Preventing Mass Shootings Through AI
// By Jane Weber Brubaker //
Any location can become the scene of mass carnage — even a hospital.
Providers in U.S. hospitals have to deal with the results of gun violence all too often when victims of mass shootings are brought to their ERs for lifesaving treatment — if those patients are fortunate enough to survive their gunshot wounds.
Adding to this trauma, hospital workers face mounting incidents of violence within their own walls, including attacks like the 2022 mass shooting at Saint Francis Hospital in Tulsa that killed four.
How can hospitals keep everyone safe?
UMC Health System in Lubbock, Texas is in the process of implementing an AI-powered object recognition solution, ZeroEyes, that it hopes will prevent a mass shooting by identifying the presence of a gun before a bullet is fired.
Jeff Hill is senior vice president of support services at UMC and heads up the health system’s police and security departments as well as emergency medical services for several departments. “We needed to create concentric rings of security and protection around the hospital and that should start really at the perimeter when somebody pulls onto the property and carry throughout a person’s stay or visit on our campus and end when they leave the property,” Hill says.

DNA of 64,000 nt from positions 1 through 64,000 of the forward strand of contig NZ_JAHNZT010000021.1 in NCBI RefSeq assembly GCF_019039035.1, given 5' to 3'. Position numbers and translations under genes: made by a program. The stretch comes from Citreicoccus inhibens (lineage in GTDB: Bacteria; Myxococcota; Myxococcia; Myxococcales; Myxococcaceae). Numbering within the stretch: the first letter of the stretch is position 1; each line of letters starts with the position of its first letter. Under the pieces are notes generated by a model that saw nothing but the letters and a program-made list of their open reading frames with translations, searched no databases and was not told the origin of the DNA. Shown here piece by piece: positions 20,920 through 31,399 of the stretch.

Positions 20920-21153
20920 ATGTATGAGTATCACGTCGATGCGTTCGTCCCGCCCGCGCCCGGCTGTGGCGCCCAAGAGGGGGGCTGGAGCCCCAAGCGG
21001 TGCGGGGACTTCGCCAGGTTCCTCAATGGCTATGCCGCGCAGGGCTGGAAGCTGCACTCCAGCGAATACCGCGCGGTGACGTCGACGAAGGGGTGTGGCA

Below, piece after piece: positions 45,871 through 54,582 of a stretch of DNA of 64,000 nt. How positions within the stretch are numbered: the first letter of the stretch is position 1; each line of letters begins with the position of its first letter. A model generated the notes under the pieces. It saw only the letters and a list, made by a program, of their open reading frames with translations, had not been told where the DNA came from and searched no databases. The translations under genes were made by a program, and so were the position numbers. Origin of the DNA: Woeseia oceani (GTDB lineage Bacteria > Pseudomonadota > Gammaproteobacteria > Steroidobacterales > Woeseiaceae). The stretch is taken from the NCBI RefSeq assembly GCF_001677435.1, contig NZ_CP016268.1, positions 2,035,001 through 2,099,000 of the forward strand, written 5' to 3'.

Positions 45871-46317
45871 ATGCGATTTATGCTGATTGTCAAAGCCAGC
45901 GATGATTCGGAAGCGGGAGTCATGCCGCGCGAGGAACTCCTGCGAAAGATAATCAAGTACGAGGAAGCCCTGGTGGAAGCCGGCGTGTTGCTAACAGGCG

Sam Alaimo, cofounder of ZeroEyes and a former Navy SEAL, says, “You cannot quantify the mass shooting that doesn’t happen. When you detect a gun, and the first responder is available to wrap up that individual, you don’t know how many lives you save; you will never be able to count them.”
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